The variety of faba beans used in this trial was the same as that used in the trials of Brand et al. (1995) and Perez-Maldonado et al. (1999), and is the only variety grown commercially in South Africa. Brand et al. (1995) determined the alkaloid content of the beans using the method described by Ruiz (1977) and found no trace of any alkaloids in the seed. However, they did find that the beans contained tannin (0.48 %). Similarly, Perez-Maldonado et al. (1999) measured the condensed tannin content using the method described by Perez-Maldonado & Norton (1996) and found a total of 15.1 Desmodium intortum equivalents. They did not specify whether they tested hulled or dehulled beans but it is presumed that hulls were present.
In a previous growth trial (Harding & Gous, 2006, unpublished) to evaluate dehulled faba beans as a protein and energy source for growing pigs between 25 and 85 kg liveweight, it was observed that an inclusion level of 200 g faba bean/kg feed supported the same rate of growth as that of a soya-based feed. Where a choice was offered between feeds containing soya and faba bean the pigs consumed the same amount of each feed, suggesting that the levels of tannins and other anti-nutritional factors (ANFs) in the variety tested were sufficiently low not to influence its acceptability as a protein source.
In previous trials in which faba beans have been evaluated as a protein source for pigs, other than that by Harding & Gous (2006), only one concentration of faba beans has been used, this usually being around 200 g faba beans/kg feed. An important question is whether the responses in food intake, growth or feed efficiency would change as the concentration of faba beans in the feed was increased. The objective of this study was to measure the response of weaner pigs between 10 and 25 kg liveweight to increasing concentrations of dehulled faba bean, up to a maximum of 300 g/kg, and to determine whether the piglets would avoid this protein source when given a choice between a feed with 300 g faba beans/kg and another without this protein source.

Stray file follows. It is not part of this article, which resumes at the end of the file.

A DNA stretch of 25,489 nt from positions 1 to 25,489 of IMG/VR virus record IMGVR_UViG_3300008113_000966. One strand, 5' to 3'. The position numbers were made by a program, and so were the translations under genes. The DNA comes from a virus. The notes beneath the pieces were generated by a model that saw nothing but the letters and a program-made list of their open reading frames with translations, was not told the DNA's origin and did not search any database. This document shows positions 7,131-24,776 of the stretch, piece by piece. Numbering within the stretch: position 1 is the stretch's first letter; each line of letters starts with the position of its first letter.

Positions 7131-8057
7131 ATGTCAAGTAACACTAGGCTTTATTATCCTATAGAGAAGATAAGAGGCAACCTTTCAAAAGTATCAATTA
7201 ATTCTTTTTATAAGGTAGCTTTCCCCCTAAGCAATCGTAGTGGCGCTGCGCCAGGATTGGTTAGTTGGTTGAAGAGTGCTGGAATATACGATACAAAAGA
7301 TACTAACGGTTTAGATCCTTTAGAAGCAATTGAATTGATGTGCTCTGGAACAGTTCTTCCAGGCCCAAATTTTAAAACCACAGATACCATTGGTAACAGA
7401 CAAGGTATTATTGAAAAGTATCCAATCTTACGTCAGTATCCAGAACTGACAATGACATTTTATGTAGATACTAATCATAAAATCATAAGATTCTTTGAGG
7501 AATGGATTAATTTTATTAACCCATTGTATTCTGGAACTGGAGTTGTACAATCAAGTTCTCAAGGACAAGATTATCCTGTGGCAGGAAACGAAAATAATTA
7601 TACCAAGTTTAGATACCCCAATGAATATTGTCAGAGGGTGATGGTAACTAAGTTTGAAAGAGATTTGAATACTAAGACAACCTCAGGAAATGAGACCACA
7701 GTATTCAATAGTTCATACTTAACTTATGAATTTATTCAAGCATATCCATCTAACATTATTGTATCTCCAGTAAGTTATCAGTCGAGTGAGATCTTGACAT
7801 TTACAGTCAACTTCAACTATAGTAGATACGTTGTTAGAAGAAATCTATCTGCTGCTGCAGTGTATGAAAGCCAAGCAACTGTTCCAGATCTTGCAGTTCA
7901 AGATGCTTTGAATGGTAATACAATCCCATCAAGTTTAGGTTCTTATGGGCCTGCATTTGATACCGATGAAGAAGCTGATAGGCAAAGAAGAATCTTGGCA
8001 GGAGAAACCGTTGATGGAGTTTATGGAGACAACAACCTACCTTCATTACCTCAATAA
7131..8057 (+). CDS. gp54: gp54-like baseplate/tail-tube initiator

Materials and Methods
The dehulled faba beans (Vicia faba L.) used in this trial were sourced from the Department of Agriculture, Cedara, in Pietermaritzburg, KwaZulu-Natal Province, South Africa. A dose response trial was designed, with a further choice-feeding treatment added. Two basal feeds (Table 1) were formulated, one without faba bean meal (containing 300 g full fat soya/kg feed) (FFS) and the second containing 300 g dehulled faba bean meal/kg (FB). These two basal feeds were blended in appropriate proportions to produce a series of five feeds (Treatments 1 to 5) containing a range of faba bean contents. The experimental feeds were: 1) 1.0 FFS); 2) 0.75 FFS + 0.25 FB; 3) 0.5 FFS + 0.5 FB; 4) 0.25FFS + 0.75 FB; 5) 1.0 FB; and 6) a choice between FFS and FB. Feeds were formulated to meet or exceed the NRC (1998) nutrient requirement of growing pigs. All feeds were made available ad libitum and fed in mash form.
The 48 commercial Large White x Landrace pigs used in this experiment were purchased from a commercial farm near the project site. The pigs were fed a commercial weaner feed until the mean weight of all pigs was 10 ± 0.42 (mean ± SD) kg, when they were placed on the experimental feeds. The pigs were ranked according to body weight within a sex, and pigs within each weight category of six were then randomly allocated to one of the six treatments. Four males and four females were allocated to each dietary treatment and each pig was housed individually.
Each pen (1.92 m2) was equipped with a nipple drinker and two hardened plastic self-feeder bins (Big Dutchman). Animals were allowed free and continuous access to food and water. Each pig was weighed weekly, the amount of feed in the bins was checked daily and any feed required was weighed in and recorded. On reaching 25 kg liveweight each pig was removed from the trial and the food remaining was weighed. Average daily live weight gain (ADG) for each pig was determined by fitting a linear regression to the weights recorded over time. Mean daily feed intake was calculated as the difference between feed input over the whole experiment and that remaining at the end divided by the time taken to reach the final liveweight.
Because the first five dietary treatments constituted a response series, with increasing faba bean contents, these treatments were analysed by regression using a second order term initially, but where this was not significant, a linear regression was used. To test whether the choice made by pigs on treatment 6 differed from 0.5 (no choice) a one sample Student t-test was used. Genstat (2005) was the statistical package used for these analyses.